And then same with employers. And I think the dramatic diversity of types of higher ed institutions and types of employers makes this work even more challenging because there isn't a single structure that works well. Like the community colleges are going to be structured different than the California state university system, than the University of California, than private and small mom and pop, perhaps for profits.


00:10:31 Dr. Jez

And then same with employers; the way that Apple engages with higher ed is going to be very different than the way a local like bookkeeper engages with higher ed, for example. And then that also transitions and connects to their values.


00:10:45 Dr. Jez

So, both sides, we found in our research that both sides were at once unclear about the value of connecting with the other party. And then also, didn't understand the value that the other party had in connecting with themselves, with them. So, higher ed, why should higher ed engage with employers, there was no clear value proposition when we spoke with higher ed interviewees, and likewise for the employers.


00:11:10 Dr. Jez

And then when we asked around for higher ed folks, well, why do you think an employer would want to engage with higher ed? It wasn't clear, and then vice versa. So, we saw in this like the culture, structure, and value as being the key barriers, but we also heard a lot of things that people identified as bright spots in trying to do the work. It seemed like there were a number of things that sort of came out of those three main barriers.


00:11:36 Salvatrice

Curiosity, where was the research conducted?


00:11:38 Dr. Jez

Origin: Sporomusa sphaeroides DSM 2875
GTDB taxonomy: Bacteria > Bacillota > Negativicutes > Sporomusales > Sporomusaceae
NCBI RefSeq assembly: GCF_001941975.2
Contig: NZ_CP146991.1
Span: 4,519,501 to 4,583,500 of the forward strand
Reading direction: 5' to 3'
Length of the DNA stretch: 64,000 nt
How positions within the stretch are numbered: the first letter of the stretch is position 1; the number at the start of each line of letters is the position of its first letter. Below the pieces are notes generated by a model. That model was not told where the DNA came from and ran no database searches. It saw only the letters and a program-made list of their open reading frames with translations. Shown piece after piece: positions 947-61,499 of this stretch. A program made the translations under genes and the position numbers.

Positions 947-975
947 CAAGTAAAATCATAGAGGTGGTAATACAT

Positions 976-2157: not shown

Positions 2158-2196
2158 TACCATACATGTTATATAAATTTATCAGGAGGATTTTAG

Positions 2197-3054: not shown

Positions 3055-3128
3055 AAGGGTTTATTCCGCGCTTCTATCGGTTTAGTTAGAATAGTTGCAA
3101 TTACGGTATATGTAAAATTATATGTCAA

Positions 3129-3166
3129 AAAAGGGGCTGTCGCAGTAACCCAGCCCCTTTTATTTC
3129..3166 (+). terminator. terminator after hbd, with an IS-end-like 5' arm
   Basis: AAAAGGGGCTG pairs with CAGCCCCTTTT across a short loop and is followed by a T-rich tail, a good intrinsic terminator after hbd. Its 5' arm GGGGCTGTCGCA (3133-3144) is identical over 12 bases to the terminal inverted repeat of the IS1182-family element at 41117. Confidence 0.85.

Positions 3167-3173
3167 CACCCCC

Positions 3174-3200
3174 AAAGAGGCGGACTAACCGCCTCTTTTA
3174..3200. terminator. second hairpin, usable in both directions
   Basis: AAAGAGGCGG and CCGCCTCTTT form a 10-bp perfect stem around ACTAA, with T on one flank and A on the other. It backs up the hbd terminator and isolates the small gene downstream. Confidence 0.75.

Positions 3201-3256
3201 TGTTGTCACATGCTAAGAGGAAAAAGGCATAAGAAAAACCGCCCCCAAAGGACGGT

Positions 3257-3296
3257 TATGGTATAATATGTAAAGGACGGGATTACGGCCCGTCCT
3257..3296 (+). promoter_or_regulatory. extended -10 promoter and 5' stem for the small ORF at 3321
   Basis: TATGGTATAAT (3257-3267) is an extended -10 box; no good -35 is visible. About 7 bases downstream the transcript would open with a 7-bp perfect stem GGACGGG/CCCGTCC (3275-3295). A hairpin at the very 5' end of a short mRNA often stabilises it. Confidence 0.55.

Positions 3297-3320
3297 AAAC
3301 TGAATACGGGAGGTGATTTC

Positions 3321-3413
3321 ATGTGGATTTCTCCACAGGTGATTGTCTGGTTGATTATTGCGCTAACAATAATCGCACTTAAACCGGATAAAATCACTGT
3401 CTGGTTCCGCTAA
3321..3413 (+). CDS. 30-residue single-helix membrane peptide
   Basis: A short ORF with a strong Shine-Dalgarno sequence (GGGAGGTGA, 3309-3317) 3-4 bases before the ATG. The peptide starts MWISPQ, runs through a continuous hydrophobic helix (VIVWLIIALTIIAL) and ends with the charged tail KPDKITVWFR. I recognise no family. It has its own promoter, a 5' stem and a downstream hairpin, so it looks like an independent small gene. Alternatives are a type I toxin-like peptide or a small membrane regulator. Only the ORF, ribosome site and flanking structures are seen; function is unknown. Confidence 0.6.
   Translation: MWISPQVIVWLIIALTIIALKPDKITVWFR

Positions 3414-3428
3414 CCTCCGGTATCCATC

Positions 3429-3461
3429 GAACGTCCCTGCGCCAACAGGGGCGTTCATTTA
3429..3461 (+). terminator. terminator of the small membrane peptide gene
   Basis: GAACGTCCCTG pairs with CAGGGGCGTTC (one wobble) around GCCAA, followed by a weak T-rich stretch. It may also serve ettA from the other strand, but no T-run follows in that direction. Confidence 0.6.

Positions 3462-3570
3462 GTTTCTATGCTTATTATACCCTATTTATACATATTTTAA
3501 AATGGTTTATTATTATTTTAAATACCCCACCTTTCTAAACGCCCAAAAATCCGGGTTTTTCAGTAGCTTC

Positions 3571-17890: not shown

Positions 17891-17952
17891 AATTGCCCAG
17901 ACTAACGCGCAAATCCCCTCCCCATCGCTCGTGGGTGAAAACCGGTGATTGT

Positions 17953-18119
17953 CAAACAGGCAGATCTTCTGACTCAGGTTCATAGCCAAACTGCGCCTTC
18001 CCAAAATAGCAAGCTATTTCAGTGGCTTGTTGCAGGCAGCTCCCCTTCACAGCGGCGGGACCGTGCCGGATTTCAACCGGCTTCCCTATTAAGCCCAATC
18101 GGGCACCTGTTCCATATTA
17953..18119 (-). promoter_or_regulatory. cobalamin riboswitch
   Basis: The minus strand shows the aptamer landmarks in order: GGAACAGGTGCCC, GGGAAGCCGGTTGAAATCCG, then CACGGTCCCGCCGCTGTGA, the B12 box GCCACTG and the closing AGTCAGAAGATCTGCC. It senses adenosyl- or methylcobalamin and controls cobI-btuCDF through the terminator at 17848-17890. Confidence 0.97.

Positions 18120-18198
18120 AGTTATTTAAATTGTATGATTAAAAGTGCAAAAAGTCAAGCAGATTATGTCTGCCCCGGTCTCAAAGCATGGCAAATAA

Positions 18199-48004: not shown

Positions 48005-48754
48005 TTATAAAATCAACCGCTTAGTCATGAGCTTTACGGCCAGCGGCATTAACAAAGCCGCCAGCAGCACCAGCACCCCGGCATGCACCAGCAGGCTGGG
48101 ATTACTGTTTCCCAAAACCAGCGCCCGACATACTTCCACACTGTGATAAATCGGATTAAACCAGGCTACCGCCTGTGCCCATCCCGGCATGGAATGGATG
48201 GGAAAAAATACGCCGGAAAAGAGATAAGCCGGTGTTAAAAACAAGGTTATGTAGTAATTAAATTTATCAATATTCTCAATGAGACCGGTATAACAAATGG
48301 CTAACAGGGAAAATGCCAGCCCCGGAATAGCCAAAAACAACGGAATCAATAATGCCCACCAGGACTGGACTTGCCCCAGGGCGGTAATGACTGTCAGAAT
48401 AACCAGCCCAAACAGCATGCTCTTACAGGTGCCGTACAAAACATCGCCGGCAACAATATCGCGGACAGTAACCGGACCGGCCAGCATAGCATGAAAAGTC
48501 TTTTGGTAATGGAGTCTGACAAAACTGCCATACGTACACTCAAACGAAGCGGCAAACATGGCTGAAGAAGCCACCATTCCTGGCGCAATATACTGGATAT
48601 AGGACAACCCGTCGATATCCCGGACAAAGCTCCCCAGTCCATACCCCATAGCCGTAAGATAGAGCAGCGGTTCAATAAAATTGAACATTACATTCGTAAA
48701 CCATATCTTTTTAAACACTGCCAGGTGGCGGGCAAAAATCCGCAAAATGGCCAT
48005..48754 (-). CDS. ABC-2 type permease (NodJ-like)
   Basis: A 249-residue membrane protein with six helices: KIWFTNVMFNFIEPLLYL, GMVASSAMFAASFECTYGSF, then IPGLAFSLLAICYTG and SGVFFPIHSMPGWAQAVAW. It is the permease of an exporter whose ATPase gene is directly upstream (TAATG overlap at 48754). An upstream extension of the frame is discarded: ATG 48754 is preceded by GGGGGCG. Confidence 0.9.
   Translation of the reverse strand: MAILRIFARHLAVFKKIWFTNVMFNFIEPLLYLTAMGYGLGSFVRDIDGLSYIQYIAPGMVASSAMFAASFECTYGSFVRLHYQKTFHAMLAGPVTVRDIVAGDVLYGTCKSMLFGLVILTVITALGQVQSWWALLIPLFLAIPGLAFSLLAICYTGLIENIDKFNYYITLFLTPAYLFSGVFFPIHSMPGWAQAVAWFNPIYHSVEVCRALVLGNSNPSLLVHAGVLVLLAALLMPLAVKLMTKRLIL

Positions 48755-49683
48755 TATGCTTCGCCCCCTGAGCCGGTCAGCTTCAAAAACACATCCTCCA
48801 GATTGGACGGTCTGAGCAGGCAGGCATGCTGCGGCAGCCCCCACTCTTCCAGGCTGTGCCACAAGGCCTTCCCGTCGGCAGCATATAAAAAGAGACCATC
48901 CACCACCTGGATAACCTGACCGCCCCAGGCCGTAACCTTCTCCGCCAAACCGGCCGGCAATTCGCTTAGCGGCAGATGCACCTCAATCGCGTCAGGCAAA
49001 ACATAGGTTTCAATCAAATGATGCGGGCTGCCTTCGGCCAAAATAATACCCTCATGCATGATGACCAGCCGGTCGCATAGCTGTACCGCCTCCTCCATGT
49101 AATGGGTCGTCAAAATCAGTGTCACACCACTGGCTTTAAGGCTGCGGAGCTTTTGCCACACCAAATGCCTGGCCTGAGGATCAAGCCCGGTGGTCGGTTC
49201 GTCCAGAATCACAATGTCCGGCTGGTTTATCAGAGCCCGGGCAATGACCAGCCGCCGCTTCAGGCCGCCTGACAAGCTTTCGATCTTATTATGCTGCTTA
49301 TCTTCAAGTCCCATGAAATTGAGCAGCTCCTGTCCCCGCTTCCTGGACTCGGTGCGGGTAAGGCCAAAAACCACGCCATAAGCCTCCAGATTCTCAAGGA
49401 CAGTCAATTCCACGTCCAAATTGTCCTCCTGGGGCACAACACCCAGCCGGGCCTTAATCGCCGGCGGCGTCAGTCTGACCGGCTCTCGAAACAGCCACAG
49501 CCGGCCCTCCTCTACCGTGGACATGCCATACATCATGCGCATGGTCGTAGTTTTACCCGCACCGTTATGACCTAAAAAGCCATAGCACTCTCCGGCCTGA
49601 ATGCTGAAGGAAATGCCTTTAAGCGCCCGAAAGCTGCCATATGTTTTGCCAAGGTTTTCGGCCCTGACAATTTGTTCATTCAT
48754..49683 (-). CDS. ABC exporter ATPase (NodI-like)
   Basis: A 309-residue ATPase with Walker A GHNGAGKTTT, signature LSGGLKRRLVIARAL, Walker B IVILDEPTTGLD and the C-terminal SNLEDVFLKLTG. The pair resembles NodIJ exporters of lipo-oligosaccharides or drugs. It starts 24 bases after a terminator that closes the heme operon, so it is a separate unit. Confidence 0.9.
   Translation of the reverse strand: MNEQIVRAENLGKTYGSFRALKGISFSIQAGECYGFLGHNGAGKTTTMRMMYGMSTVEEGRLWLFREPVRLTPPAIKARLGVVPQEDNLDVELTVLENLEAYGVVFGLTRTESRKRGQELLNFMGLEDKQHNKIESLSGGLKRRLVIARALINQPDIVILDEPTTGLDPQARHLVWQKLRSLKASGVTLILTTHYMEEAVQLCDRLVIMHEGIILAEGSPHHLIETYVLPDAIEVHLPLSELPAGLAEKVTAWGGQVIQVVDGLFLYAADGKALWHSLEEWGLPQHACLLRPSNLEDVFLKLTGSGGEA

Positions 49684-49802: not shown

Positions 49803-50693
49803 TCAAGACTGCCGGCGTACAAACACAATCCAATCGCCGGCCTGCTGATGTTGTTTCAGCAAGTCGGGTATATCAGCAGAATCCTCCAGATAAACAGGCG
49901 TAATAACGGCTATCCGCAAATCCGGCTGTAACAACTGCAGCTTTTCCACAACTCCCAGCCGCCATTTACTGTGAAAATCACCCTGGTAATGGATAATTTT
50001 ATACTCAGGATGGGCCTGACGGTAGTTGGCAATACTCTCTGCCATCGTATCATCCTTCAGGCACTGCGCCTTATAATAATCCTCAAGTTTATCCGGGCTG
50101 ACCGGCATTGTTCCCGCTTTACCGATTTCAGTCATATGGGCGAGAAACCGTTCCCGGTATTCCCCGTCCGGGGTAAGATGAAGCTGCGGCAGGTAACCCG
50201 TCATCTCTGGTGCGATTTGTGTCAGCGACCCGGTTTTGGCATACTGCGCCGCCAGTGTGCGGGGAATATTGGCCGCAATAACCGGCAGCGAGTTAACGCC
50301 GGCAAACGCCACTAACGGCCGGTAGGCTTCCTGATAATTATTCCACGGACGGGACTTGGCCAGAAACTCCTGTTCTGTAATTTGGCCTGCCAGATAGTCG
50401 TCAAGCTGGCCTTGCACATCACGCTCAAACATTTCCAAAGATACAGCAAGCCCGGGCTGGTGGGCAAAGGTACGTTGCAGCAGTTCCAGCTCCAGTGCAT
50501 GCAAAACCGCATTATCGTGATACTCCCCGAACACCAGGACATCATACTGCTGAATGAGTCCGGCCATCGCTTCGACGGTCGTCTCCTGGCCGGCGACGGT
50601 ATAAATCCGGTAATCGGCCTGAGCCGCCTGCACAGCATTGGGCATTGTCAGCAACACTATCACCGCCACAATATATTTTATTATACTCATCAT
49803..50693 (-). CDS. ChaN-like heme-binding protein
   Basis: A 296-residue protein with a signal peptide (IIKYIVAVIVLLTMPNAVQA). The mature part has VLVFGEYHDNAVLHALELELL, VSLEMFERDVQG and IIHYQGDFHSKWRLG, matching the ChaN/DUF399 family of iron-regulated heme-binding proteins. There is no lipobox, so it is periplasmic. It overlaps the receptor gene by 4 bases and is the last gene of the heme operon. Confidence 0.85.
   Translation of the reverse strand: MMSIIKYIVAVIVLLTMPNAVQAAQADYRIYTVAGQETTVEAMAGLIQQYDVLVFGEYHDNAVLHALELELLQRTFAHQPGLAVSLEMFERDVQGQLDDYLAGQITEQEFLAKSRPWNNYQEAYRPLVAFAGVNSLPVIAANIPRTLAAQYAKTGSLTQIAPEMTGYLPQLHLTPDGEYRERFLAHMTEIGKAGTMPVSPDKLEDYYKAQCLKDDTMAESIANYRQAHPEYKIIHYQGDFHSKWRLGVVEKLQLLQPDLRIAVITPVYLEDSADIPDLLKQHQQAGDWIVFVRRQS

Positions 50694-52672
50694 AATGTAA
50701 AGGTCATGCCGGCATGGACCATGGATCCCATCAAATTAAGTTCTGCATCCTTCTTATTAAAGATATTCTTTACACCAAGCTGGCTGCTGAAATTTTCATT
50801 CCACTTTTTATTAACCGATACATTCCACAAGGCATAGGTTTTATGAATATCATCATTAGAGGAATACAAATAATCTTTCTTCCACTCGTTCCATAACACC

Yeah, so the research was conducted here in California. We aimed to target folks working in higher ed, faculty leaders, administrator staff, students and alumni, and also employers. And we aimed to target high-growth, high-wage industries, but we were also open to a snowball method.


00:11:57 Dr. Jez

So, at the end of interviews, we asked, is there anyone else that you believe we should be speaking to on this issue? If they mentioned someone we would reach out, but it was across California.


00:12:08 Salvatrice

You know, I want to shift gears a little bit. I wanted to talk a little bit about the recent career readiness pilot that was launched. And I believe it's called the Cross-sector Career Readiness pilot. And it was through an investment with ECMC foundation. Can you tell us a little bit more about that and how that works within our Los Angeles region or how that affects our Los Angeles region?


00:12:33 Dr. Jez

It's an exciting and innovative pilot that launched out of work that we did with Compton College. And it includes four community colleges in central LA, Compton College, El Camino College, LA Southwest, and South LA, and it also, includes LA County supervisor Holly Mitchell's office.


00:12:50 Dr. Jez

And so, that's why we're calling it this cross-sector. We're trying to sort of center the central LA resident in the work, and think about how do we get this Californian who has a lot more potential that has been reached? How do we get this person the education they need and the resources they need to be successful and be able to deliver not just for themselves and their family, but also, for our state's needs and the region's needs.


00:13:14 Dr. Jez

So, in this partnership, we are pulling the colleges together and they're coming together to work collaboratively to really address those needs and thinking about how do we structure career readiness at the core of these institutions?